Since the beginning of conference play, it became clear just how far the Beavers have come since last season. After starting PAC-12 play with wins over the UCLA Bruins, the San Diego State University Aztecs and the University of California Golden Bears, the Beavers had earned themselves a No. 8 national ranking before heading up to Seattle, Wash. and defeating the Washington Huskies, who were ranked No. 1 at the time, by a score of 3-2.

Even after suffering a late season upset loss at UCLA to the Bruins, the Beavers rebounded and earned themselves the No. 1 overall seed in the 2021 NCAA men’s soccer tournament. Walker said he and his teammates understand the mark this puts on all of them, having played a No. 1 team themselves this season.

“Being the No. 1 seed, we understand that there is a target on our back,” Walker said. “We know what it’s like to play the No. 1 ranked team in the country. There is a different feel to those matches. To be the No. 1 seed and play each game knowing there’s a large target on your back is an honor and fun place to be. In training, we apply immense pressure on one another so that when it comes game time, it is just another opportunity to piece together everything we had been building on the whole week.”

And heading into the tournament, Walker said he was still confident in the team’s ability to perform well.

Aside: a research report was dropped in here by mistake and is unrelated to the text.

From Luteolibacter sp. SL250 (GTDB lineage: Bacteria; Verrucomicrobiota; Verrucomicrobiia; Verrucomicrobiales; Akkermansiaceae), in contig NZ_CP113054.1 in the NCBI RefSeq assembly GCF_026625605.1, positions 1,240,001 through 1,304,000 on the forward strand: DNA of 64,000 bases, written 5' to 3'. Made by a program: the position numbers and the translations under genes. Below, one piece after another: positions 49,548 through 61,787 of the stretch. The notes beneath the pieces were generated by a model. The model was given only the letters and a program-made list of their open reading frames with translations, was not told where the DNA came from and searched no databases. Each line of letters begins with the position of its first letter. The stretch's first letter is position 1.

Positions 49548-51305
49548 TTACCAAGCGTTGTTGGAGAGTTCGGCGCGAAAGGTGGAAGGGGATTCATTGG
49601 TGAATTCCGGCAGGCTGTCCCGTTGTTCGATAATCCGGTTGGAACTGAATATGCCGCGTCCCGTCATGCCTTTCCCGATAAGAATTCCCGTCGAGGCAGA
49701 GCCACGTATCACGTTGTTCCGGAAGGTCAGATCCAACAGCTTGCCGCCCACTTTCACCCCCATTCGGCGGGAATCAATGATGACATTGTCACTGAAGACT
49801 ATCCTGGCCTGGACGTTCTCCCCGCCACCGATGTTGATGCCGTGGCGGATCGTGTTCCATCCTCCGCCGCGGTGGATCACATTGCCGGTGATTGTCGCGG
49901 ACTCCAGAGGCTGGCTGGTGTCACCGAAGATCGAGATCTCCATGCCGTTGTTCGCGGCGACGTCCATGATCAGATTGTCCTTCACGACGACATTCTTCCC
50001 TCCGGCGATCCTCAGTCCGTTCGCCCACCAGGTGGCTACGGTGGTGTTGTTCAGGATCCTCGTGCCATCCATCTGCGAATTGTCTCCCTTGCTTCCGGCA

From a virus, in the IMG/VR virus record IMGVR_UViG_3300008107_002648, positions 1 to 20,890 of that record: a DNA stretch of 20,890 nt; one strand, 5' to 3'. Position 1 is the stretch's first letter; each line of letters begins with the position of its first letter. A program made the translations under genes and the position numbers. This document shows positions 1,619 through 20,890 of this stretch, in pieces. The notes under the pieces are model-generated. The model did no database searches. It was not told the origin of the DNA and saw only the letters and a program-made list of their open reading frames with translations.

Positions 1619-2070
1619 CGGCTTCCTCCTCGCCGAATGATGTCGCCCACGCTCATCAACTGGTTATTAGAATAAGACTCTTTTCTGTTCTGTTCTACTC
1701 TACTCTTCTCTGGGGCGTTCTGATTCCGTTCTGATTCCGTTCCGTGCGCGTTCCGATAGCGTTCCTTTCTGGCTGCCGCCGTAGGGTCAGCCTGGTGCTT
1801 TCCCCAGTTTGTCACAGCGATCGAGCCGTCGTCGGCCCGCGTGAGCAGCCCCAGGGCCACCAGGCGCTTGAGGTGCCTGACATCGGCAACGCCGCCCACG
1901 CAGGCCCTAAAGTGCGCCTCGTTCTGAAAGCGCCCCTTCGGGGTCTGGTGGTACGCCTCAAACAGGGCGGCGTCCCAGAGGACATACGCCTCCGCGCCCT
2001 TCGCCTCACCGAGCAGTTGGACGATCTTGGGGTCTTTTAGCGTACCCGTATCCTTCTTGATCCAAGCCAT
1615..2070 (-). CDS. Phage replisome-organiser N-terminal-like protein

“The PAC-12 has prepared us extremely well for the tournament,” Walker said.  “As we scout teams, we often draw similarities to the teams we’ve already played in our conference. This gives us a mindset of peace where we can psychologically position ourselves in a place where we’ve already been before.”

In the playoffs, the Beavers were able to handle the pressure well. After receiving a first round bye, the Beavers defeated St. John’s University Red Storm by a score of 2-0 in the round of 32.

In the Sweet 16, the Beavers outlasted 16th-ranked University of New Hampshire by a score of 1-0. Their attention then turned to a tough test against a top 10 team, when the Beavers took on the eighth-ranked Clemson Tigers in Corvallis, Ore.

It was a tough battle from both teams, but in the end, the Tigers came out on top, defeating the Beavers by penalty kicks 4-3 and stopping their magical run. It was the end of a historic run for the Beavers.

Despite this, Head Men’s Soccer Coach Terry Boss was grateful for how his team performed throughout the season, overcame so much adversity and impacted the community.

“My overall feeling is thankfulness for this group of seniors that started this journey with us in 2018 with nothing but a belief that this is possible, and thankful for the fans that came out and supported this group,” Boss said. “Just an overwhelming feeling of gratitude. It was magic in the stands to watch these young men inspire and bring hope. Our guys said it best; our goal has always been to bring hope to a community. From that perspective, we accomplished that. On the other side of it, we’re obviously devastated. We wanted to move forward and we thought we had the team to win the national championship.”

Regardless of the loss, the Oregon State Men’s Soccer team will work to get back into the NCAA men’s soccer tournament next year, win another PAC-12 championship and continue to etch their names into the history books.